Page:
Poem of Quotes - Poetry, Quotations, and Relationships
Home > Poets > Classical > John Donne > The Good-Morrow by John Donne Analysis & Poem

The Good-Morrow by John Donne

Analysis

"The Good-Morrow" is a poem written by John Donne. In this poem, Donne and his love are together. He sees her beauty and is shaken by how beautiful she is. He goes on to satte that morning has come, but he doesn't want to leave. He wants to be with her forever. He asks her to find a place with him where they can share (he says Earth and they can each take a hemisphere). Then he goes on to say that he wants to find a place where day does not end and he can be with her forever.

This poem is written as three stanzas with seven lines in each. It has the rhyme scheme ABABCCC. Nonetheless, it isn't a perfect rhyme. In the second stanza, "shown" is imperfectly rhymed. In the third stanza "equally" is the imperfect one. This might have been done in order to bring importance to those specific lines and words.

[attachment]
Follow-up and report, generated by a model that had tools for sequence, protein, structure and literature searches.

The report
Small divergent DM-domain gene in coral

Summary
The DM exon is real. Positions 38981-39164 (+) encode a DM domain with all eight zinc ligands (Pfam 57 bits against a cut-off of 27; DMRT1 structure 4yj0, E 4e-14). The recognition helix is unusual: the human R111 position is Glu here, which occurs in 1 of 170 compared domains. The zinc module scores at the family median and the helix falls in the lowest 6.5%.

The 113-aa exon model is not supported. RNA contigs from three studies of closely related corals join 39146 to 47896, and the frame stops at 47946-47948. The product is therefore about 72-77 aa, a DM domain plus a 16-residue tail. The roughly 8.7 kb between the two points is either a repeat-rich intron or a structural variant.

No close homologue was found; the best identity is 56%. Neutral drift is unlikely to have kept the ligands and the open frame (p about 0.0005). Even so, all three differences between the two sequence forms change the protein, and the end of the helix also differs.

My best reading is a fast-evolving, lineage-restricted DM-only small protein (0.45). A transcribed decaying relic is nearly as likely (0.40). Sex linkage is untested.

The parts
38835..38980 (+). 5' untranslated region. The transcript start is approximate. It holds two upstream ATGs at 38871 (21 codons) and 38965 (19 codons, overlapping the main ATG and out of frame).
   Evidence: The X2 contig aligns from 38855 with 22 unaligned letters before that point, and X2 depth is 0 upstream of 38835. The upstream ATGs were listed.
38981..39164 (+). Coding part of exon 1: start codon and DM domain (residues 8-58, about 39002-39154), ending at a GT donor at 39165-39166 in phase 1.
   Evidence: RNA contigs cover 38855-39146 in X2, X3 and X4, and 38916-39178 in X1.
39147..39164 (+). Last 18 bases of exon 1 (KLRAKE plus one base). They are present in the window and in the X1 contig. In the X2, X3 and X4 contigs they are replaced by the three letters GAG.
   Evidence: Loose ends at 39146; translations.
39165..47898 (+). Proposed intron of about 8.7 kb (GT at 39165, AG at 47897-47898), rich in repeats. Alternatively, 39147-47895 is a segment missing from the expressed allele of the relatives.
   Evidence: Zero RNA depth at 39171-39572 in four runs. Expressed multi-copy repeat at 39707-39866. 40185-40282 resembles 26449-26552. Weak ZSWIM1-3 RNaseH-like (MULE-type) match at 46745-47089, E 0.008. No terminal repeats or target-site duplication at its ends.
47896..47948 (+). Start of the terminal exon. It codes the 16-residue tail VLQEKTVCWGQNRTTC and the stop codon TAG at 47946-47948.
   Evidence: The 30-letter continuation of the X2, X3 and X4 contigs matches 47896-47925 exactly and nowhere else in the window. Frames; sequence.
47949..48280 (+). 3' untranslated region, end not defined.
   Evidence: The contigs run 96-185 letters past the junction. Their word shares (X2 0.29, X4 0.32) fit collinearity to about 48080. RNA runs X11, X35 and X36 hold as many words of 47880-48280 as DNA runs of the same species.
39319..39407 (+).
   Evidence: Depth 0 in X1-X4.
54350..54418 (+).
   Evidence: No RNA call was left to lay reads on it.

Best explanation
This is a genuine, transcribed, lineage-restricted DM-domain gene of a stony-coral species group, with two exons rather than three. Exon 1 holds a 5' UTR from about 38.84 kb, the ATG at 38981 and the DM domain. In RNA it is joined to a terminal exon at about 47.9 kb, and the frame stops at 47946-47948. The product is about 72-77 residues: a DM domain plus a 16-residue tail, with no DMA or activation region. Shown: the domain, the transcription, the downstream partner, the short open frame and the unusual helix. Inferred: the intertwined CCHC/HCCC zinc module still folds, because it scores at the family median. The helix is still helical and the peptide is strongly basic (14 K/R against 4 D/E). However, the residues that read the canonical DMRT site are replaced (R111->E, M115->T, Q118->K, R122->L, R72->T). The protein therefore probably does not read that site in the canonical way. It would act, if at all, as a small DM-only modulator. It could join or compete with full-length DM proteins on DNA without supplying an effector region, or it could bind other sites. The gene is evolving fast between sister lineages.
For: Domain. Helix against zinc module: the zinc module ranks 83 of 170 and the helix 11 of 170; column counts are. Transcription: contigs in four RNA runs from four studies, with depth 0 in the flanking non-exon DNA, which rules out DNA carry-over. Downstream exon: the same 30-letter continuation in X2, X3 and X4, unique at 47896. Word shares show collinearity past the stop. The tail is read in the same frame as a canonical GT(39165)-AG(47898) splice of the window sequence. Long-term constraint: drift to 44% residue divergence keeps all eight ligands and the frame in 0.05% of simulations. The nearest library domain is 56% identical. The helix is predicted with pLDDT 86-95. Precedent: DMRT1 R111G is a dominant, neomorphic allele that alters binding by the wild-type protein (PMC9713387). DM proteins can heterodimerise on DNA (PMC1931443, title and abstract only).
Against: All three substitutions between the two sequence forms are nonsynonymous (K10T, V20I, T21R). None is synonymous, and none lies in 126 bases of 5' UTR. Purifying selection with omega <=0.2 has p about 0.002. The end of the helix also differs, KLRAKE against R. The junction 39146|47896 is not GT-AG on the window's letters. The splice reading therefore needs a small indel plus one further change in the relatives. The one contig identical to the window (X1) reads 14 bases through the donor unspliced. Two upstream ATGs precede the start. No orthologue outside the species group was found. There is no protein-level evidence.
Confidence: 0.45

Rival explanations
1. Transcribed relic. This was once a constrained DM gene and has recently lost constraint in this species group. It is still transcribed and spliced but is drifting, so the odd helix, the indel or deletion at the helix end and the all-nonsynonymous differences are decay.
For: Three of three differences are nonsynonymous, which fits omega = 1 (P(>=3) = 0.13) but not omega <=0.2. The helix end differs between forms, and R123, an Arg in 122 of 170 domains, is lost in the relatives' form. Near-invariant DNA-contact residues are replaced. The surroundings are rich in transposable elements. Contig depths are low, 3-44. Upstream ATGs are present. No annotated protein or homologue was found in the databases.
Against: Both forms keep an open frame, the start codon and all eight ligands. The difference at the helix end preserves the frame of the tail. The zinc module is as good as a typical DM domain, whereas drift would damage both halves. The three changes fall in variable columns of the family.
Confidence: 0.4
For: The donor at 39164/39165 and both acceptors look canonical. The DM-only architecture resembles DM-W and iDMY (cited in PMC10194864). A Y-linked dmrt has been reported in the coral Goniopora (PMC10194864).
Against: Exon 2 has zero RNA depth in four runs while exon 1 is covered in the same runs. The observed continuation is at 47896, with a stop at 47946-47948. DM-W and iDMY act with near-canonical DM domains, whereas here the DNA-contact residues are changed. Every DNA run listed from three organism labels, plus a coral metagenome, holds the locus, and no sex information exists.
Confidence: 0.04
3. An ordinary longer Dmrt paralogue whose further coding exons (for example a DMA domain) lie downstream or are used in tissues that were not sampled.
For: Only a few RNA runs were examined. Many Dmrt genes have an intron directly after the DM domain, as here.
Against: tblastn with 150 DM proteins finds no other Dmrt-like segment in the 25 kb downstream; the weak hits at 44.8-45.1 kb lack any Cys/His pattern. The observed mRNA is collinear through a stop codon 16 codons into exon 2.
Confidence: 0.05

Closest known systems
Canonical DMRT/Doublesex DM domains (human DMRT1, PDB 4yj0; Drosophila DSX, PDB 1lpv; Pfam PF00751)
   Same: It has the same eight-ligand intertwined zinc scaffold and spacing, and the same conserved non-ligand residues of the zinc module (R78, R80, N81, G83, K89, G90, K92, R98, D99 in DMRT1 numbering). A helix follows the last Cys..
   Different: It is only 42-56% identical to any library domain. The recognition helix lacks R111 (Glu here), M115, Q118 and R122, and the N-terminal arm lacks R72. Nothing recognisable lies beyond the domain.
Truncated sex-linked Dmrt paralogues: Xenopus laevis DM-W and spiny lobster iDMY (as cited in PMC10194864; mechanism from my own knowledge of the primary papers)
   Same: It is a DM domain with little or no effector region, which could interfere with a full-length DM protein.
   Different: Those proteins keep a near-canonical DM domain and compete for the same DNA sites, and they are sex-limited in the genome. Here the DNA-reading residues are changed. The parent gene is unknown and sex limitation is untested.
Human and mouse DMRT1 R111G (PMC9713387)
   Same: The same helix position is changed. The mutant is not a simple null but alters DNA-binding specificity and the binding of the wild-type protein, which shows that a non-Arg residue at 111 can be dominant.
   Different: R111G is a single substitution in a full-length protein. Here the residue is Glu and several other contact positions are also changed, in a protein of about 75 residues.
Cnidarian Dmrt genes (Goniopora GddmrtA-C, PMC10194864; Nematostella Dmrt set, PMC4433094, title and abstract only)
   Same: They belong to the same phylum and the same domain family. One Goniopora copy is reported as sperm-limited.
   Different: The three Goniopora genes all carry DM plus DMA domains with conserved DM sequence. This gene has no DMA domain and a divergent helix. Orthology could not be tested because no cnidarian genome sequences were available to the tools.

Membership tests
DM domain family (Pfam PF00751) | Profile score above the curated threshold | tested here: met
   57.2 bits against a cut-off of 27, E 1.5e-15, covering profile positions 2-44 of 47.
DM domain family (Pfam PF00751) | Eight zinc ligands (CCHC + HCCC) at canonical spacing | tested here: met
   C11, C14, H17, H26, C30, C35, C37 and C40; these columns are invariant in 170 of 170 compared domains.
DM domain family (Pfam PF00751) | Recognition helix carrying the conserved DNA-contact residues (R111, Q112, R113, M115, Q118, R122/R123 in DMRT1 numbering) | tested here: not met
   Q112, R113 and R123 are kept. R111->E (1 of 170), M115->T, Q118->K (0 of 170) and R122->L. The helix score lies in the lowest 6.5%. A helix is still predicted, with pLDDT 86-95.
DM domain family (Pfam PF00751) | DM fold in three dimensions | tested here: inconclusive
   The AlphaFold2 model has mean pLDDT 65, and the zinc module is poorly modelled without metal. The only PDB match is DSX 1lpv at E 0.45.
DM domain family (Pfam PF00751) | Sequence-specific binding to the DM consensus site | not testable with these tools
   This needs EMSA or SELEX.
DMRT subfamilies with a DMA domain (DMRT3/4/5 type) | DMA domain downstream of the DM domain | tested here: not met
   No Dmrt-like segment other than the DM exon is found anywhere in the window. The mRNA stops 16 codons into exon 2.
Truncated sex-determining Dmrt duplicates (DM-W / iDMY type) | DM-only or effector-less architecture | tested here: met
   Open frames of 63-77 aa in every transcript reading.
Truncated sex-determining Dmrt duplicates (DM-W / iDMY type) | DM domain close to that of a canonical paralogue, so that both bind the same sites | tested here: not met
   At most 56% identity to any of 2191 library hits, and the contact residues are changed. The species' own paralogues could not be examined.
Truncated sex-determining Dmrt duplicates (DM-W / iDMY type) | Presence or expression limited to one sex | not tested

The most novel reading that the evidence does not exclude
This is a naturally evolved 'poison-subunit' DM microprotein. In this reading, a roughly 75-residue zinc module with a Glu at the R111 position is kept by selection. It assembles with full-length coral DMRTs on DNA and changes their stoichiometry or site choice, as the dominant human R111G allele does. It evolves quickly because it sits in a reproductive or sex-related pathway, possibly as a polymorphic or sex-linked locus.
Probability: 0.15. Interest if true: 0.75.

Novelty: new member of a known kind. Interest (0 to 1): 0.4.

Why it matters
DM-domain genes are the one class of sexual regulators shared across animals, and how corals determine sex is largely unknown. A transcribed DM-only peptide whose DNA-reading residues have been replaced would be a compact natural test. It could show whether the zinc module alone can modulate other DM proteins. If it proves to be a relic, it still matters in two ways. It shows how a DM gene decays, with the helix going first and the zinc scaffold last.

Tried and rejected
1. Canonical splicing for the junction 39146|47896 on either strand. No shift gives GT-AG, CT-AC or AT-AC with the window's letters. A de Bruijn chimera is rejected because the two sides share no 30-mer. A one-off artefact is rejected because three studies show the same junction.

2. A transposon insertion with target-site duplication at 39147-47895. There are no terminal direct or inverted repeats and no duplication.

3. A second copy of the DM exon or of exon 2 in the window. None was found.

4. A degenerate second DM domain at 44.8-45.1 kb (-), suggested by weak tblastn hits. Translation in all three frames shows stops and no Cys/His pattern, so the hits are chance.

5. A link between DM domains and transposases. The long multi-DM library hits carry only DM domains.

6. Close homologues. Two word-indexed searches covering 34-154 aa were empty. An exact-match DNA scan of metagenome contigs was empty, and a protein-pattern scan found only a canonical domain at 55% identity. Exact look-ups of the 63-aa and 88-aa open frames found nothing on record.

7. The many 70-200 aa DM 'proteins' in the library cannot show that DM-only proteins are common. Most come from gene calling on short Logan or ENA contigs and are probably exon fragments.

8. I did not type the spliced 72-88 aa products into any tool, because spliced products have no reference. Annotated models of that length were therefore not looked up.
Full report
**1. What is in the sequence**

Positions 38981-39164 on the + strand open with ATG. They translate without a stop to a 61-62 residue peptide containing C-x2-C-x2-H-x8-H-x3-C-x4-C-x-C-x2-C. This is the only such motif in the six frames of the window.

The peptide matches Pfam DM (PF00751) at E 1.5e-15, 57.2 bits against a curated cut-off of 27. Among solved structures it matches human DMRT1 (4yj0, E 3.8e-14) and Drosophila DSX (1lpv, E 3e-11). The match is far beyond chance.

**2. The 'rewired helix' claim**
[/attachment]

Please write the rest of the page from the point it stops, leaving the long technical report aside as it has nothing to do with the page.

Poem

The Good-Morrow
By 

I wonder by my troth, what thou and I
Did, till we loved? were we not wean'd till then?
But suck'd on country pleasures, childishly?
Or snorted we in the Seven Sleepers' den?
'Twas so; but this, all pleasures fancies be;
If ever any beauty I did see,
Which I desired, and got, 'twas but a dream of thee.

And now good-morrow to our waking souls,
Which watch not one another out of fear;
For love all love of other sights controls,
And makes one little room an everywhere.
Let sea-discoverers to new worlds have gone;
Let maps to other, worlds on worlds have shown;
Let us possess one world; each hath one, and is one.

My face in thine eye, thine in mine appears,
And true plain hearts do in the faces rest;
Where can we find two better hemispheres
Without sharp north, without declining west?
Whatever dies, was not mix'd equally;
If our two loves be one, or thou and I
Love so alike that none can slacken, none can die.

Next: Holy Sonnet?